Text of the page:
The Gun Club - Death Party [reissue] (Cover Artwork)

The Gun Club

The Gun Club: Death Party [reissue]

Death Party [reissue] (2009)

Cooking Vinyl


The Gun Club played blues-y punk music in Los Angeles, Calif. in the ??80s and their sound is much different than most punk bands'. The group's Death Party EP starts off with "The House on Highland Avenue." It's a slow song with a great chorus of "There is no fire in your glass heart / There is no beating when you're done / And one day you're going to find out / What kind of monster you've become." The next song, "The Lie," is the weakest track of the EP with an overly repetitive lyrics, although song contains some emotionally driven singing. "The Light of the World" is much better, but the winner of longest song for the EP goes to the titular track, which comes in at almost six minutes. It's a little overly rough for me with lyrics slurred to a point where I can barely understand what singer Jeffrey Lee Pierce is singing. However there is some excellent guitar work on the song. The final track, "Come Back Jim," has a driving beat from the get-go and Pierce's singing includes some great yelps. The song is sung with an urgency that matches its beat.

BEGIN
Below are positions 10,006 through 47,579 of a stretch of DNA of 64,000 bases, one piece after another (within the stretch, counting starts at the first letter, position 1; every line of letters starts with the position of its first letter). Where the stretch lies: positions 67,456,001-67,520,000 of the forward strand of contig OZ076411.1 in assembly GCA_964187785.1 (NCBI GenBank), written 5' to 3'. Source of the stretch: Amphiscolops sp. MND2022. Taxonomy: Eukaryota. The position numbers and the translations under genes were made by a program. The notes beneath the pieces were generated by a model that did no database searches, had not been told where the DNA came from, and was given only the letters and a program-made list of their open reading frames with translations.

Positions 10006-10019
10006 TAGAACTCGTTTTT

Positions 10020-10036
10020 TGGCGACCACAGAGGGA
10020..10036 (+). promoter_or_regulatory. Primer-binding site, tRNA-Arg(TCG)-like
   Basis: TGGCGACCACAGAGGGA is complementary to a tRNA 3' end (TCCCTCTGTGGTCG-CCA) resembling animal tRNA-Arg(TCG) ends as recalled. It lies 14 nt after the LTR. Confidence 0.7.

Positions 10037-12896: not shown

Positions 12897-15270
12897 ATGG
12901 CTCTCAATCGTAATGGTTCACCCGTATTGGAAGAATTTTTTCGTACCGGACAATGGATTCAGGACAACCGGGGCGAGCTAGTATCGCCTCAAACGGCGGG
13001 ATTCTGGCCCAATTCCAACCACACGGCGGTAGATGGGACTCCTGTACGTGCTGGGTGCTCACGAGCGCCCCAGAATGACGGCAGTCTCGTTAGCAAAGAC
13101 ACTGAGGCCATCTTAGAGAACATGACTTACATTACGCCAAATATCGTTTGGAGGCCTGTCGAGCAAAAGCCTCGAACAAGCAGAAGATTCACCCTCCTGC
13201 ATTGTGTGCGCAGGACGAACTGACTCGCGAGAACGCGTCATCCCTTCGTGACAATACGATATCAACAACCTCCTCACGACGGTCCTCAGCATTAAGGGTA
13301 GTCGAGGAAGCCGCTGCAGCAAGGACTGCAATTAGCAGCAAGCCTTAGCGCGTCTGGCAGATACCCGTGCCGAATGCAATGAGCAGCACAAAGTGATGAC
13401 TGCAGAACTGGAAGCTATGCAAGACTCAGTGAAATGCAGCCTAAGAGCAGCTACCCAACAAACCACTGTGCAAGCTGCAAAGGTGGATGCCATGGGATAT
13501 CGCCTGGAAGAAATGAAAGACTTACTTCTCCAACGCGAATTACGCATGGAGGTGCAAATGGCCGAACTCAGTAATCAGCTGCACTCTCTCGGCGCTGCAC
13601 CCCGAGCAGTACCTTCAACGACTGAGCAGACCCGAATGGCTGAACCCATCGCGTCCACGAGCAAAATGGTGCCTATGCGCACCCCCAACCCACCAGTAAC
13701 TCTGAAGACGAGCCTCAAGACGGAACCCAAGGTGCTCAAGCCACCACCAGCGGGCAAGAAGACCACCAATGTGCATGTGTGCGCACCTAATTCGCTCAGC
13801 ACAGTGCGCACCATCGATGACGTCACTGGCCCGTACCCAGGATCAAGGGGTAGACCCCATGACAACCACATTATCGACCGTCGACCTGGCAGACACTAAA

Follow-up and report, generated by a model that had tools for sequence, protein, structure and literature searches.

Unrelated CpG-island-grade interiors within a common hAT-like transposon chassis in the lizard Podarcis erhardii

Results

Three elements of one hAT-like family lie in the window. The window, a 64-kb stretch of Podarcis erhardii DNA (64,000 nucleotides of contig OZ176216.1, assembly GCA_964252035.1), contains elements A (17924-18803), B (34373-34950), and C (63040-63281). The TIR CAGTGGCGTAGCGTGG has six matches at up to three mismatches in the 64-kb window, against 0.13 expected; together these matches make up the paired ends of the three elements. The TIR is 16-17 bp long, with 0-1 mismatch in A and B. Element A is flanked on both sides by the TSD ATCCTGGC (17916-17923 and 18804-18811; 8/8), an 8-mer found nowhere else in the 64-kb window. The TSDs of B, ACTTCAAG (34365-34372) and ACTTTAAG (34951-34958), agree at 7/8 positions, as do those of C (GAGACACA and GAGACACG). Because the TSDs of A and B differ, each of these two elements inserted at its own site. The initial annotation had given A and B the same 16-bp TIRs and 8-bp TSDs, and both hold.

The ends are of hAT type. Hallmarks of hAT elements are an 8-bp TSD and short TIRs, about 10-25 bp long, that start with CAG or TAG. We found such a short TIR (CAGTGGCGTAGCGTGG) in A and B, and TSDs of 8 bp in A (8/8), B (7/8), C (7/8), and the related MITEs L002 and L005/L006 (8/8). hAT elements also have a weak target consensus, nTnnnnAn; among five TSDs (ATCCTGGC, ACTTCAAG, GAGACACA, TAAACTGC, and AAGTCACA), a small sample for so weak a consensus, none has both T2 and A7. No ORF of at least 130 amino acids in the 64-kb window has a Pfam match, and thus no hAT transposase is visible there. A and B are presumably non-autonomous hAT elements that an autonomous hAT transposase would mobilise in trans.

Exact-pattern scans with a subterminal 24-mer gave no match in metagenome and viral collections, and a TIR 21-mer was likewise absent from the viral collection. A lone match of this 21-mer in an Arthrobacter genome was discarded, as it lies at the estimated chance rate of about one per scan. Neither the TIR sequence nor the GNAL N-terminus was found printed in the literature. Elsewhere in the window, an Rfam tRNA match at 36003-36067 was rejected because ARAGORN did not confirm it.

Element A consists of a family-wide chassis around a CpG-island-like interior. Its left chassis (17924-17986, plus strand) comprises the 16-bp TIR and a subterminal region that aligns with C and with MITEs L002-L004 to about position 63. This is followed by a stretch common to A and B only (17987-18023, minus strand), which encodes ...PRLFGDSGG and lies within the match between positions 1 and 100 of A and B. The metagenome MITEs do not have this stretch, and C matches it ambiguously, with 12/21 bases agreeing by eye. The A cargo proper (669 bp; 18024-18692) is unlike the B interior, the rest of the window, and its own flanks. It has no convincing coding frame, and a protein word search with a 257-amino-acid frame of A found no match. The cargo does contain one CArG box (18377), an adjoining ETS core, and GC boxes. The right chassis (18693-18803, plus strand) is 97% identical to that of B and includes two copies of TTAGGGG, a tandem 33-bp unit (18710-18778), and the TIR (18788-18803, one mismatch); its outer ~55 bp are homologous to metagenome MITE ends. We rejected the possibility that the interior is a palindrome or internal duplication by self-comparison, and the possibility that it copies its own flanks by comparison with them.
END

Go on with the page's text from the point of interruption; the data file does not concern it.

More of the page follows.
Now, this reissue comes with a bonus disc of a live concert from March 1983. I won't go too heavily into the live disc because I'm not a big fan of live albums and I really think of that disc as "bonus." It begins with an unrecognizable cover of "Strange Fruit" that is sung very hauntingly but also borders on dissonance thanks to the whole band playing behind Pierce's howling. Also included on the disc are "The Lie," "House on Highland Avenue" and "Death Party" from the EP. But this is an entire concert, so there are plenty of other selections from other Gun Club albums, such as the great song "Fire of Love" and, later, the flat-out shouted "Fire Spirit."

Make no mistake, there are some gems on here for sure, but Death Party is uneven and actually seems to alternate between truly great songs and songs that do little for me. To paraphrase a statement the kids like to say: this EP would have been a great seven-inch.